Retaking the city of Tikrit, where jihadists have rigged streets and buildings with explosives, will require "major sacrifices" on the part of Iraqi forces, a senior intelligence officer said Saturday.
Iraqi forces and allied paramilitaries have been fighting to retake the city since March 2, but halted ground operations for more than a week in what officials described as a bid to curb human and material losses before pushing forward again.
"The task of liberating Tikrit requires major sacrifices and street fighting, and our forces are ready for these sacrifices," the officer told AFP on condition of anonymity, indicating that the pause in operations only deferred the inevitable cost.
The Islamic State (IS) jihadist group has planted bombs in streets, rigged houses and other buildings with explosives, and built defensive works including berms and tunnels, also booby-trapped, the officer said.
IS spearheaded a sweeping offensive last June that overran much of Iraq's Sunni Arab heartland, and the operation to retake Tikrit is Baghdad's largest to date against the militants.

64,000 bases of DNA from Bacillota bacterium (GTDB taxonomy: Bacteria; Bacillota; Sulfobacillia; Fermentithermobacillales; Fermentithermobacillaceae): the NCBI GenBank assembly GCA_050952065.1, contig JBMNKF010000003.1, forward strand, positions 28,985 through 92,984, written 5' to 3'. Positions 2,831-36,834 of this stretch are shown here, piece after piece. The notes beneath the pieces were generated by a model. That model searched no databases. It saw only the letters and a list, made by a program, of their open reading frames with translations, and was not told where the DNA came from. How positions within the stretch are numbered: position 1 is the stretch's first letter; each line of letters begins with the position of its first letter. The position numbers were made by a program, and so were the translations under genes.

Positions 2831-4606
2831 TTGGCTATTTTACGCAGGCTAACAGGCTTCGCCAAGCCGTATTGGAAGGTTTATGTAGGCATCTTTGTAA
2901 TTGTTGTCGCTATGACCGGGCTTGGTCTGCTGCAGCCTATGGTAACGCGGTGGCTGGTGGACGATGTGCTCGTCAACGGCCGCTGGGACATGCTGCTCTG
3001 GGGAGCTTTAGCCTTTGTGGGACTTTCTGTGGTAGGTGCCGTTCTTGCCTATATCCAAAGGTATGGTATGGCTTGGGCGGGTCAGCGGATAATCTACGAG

A U.S.-led anti-IS coalition began carrying out air strikes in the Tikrit area on Wednesday, a move that increased available firepower in the air but has at least temporarily curbed it on the ground.
Key Iranian-backed militia forces that have done much of the heavy lifting in the drive to push IS back suspended offensive operations after the strikes began, commanders told AFP.
The Pentagon conditioned its intervention on an enhanced role for regular government forces and Friday hailed the withdrawal of "those Shiite militias who are linked to, infiltrated by, (or) otherwise under the influence of Iran".
Iran had been the most prominent foreign partner in the operation, but Baghdad eventually requested the U.S.-led strikes after the drive stalled.
The battle has continued in the absence of the militia forces, with an army colonel saying there was heavy fighting on the southern outskirts of the city.
The advance was slow due to bombs planted by IS but security forces have gained some ground, the colonel said.
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